The man in the chair fidgeted. I still couldn’t see his face, but his voice was deep and rich. “You mean to tell me that your twelve-year-old daughter is responsible for the death of your wife? Forgive me, Ernest, but this sounds a little… far-fetched.”
My father ran a hand through his tangled, graying hair. “I assure you, Maverick, Dahlia…” He looked at them in turn. “This is no deception. I curse the day that child was born!”
“Ernest,” the woman—Dahlia—said, “I know the papers didn’t go into detail about your wife’s death, but I find it hard to believe that your daughter—”
“She is at fault!” Father insisted. “My wife was not the first victim. There have been others. That demon must be stopped before she kills anyone else!”
Others. I knew what Father meant, but none of it had been Remiel’s fault.
The man in the chair chuckled. “I must say, Ernest, from what I’ve seen in pictures, the girl greatly resembles—”
“I know!” Father slammed a fist on his desk. “I know what she looks like! But she deserves this, for killing my wife! For killing her own mother!”
Anger stewed in my chest. I wanted to storm into the room and defend my little sister, but the next snippet of conversation rooted my feet to the carpet.
“And your son?” the man asked. “What has he to do with this?”
Father buried his face in his hands, and his voice was muffled by his fingers.
“I don’t want Ciarán involved.”
His words provided no consolation. If Father wished harm on Remiel, he was condemning me along with her.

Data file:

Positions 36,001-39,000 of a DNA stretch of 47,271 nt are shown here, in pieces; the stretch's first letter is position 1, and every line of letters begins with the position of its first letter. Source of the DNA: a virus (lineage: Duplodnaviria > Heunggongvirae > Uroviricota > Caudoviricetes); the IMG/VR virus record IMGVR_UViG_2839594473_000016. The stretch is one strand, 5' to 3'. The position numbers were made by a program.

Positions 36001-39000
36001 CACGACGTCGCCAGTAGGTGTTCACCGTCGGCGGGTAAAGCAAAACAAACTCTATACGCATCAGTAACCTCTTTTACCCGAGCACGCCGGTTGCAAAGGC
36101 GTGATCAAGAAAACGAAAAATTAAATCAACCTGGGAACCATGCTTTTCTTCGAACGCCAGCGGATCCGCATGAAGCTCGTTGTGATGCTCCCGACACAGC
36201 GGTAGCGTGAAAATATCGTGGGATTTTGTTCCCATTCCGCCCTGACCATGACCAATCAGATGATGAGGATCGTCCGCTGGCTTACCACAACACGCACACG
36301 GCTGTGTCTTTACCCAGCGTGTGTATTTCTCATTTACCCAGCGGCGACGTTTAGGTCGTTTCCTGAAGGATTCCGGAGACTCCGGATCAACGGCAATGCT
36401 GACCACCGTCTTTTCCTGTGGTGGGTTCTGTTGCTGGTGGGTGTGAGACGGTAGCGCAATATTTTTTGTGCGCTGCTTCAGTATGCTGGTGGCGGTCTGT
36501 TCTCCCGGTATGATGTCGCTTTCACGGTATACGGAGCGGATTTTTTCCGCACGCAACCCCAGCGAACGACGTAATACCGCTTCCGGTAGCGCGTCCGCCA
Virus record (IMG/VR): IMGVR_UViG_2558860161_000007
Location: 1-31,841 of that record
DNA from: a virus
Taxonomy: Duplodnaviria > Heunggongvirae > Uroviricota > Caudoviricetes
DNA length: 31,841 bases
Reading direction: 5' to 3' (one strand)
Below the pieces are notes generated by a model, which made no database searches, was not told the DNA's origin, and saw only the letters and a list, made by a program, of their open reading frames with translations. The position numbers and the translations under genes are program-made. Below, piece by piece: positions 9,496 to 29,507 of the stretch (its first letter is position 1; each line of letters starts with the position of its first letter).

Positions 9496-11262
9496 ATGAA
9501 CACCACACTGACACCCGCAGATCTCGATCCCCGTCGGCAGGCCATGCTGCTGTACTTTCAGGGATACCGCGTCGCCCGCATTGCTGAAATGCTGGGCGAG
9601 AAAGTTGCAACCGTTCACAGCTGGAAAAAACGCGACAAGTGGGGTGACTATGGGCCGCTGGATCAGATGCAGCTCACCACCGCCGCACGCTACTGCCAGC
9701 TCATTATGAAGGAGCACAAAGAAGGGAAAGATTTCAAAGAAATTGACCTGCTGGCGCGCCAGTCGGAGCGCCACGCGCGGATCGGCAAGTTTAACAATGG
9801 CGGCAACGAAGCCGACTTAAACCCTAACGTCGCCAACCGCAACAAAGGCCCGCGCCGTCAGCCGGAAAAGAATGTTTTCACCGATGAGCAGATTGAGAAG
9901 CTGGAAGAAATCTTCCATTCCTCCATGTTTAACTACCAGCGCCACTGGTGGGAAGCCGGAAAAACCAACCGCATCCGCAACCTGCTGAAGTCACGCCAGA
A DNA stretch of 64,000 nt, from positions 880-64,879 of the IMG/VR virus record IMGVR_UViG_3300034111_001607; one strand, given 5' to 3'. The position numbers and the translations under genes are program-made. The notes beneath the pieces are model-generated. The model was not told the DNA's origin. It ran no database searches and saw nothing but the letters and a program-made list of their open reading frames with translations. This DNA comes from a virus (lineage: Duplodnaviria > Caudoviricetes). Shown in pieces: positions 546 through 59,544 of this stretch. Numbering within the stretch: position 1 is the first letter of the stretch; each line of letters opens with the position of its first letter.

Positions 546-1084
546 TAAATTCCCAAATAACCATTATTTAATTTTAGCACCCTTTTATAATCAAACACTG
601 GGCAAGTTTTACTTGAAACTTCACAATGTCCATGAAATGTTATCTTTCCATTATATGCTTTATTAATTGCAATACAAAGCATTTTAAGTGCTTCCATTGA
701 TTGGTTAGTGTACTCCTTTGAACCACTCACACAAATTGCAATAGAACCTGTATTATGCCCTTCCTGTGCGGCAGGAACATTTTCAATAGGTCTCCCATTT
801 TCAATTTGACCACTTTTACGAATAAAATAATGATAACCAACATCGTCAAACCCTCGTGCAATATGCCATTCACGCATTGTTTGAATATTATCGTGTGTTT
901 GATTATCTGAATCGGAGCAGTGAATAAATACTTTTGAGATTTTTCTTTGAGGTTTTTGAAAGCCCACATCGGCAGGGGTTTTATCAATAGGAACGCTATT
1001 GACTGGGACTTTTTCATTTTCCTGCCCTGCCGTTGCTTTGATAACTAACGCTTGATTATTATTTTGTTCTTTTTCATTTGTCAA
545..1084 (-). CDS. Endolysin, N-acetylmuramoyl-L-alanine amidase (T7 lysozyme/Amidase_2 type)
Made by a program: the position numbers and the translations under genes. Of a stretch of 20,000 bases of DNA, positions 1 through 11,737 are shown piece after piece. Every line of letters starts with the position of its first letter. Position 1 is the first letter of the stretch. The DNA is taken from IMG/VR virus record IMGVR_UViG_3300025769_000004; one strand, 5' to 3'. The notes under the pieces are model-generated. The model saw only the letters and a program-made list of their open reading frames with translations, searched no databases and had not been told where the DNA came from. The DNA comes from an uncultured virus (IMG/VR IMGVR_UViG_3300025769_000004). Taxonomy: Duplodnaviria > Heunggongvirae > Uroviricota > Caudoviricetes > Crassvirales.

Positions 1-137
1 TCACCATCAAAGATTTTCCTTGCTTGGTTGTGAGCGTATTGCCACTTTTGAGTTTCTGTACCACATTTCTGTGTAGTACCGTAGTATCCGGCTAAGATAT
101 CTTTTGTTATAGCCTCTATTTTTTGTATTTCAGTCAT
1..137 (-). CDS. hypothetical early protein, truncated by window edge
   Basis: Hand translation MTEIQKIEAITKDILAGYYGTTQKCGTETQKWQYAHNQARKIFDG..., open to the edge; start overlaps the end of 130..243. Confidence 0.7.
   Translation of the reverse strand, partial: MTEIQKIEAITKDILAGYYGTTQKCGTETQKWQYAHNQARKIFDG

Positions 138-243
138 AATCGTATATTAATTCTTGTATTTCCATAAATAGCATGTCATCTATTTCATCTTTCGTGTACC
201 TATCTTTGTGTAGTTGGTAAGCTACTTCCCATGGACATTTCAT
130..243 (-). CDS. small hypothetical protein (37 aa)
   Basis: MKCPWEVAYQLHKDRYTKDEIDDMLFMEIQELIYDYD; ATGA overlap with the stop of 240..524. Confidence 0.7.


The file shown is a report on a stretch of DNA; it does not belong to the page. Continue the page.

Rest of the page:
“This is an unusual proposition, Ernest,” Dahlia purred, “but for the right price, I’m sure we can arrange something. I have the perfect associate in mind to give the job to. She specializes in quieter methods of her trade.” She smoothed one hand over the man’s shoulder. “Wouldn’t you agree, darling?”
The man in the chair—Maverick—drummed his fingers on the armrest. After an agonizing pause, he drew himself up to his full, towering height, and I saw a man whose image I would never forget.
“You have a deal, Ernest.”
He reached a hand toward Father, who grasped it in a desperate handshake.
“We will kill your daughter for you.”
About the author:
Allie Frost was born in 1992 and has spent most of her life in rural Pennsylvania. She attended Western New England University and graduated in 2013 with a degree in English Literature and Film Studies. During her college years, she studied in England and began working on the story that would become her debut novel, I’m With You. When she isn’t writing, she enjoys playing video games, reading, traveling and going to the movies, and she only likes dark roast coffee or very sugary lattes, but nothing in between. More information is available at: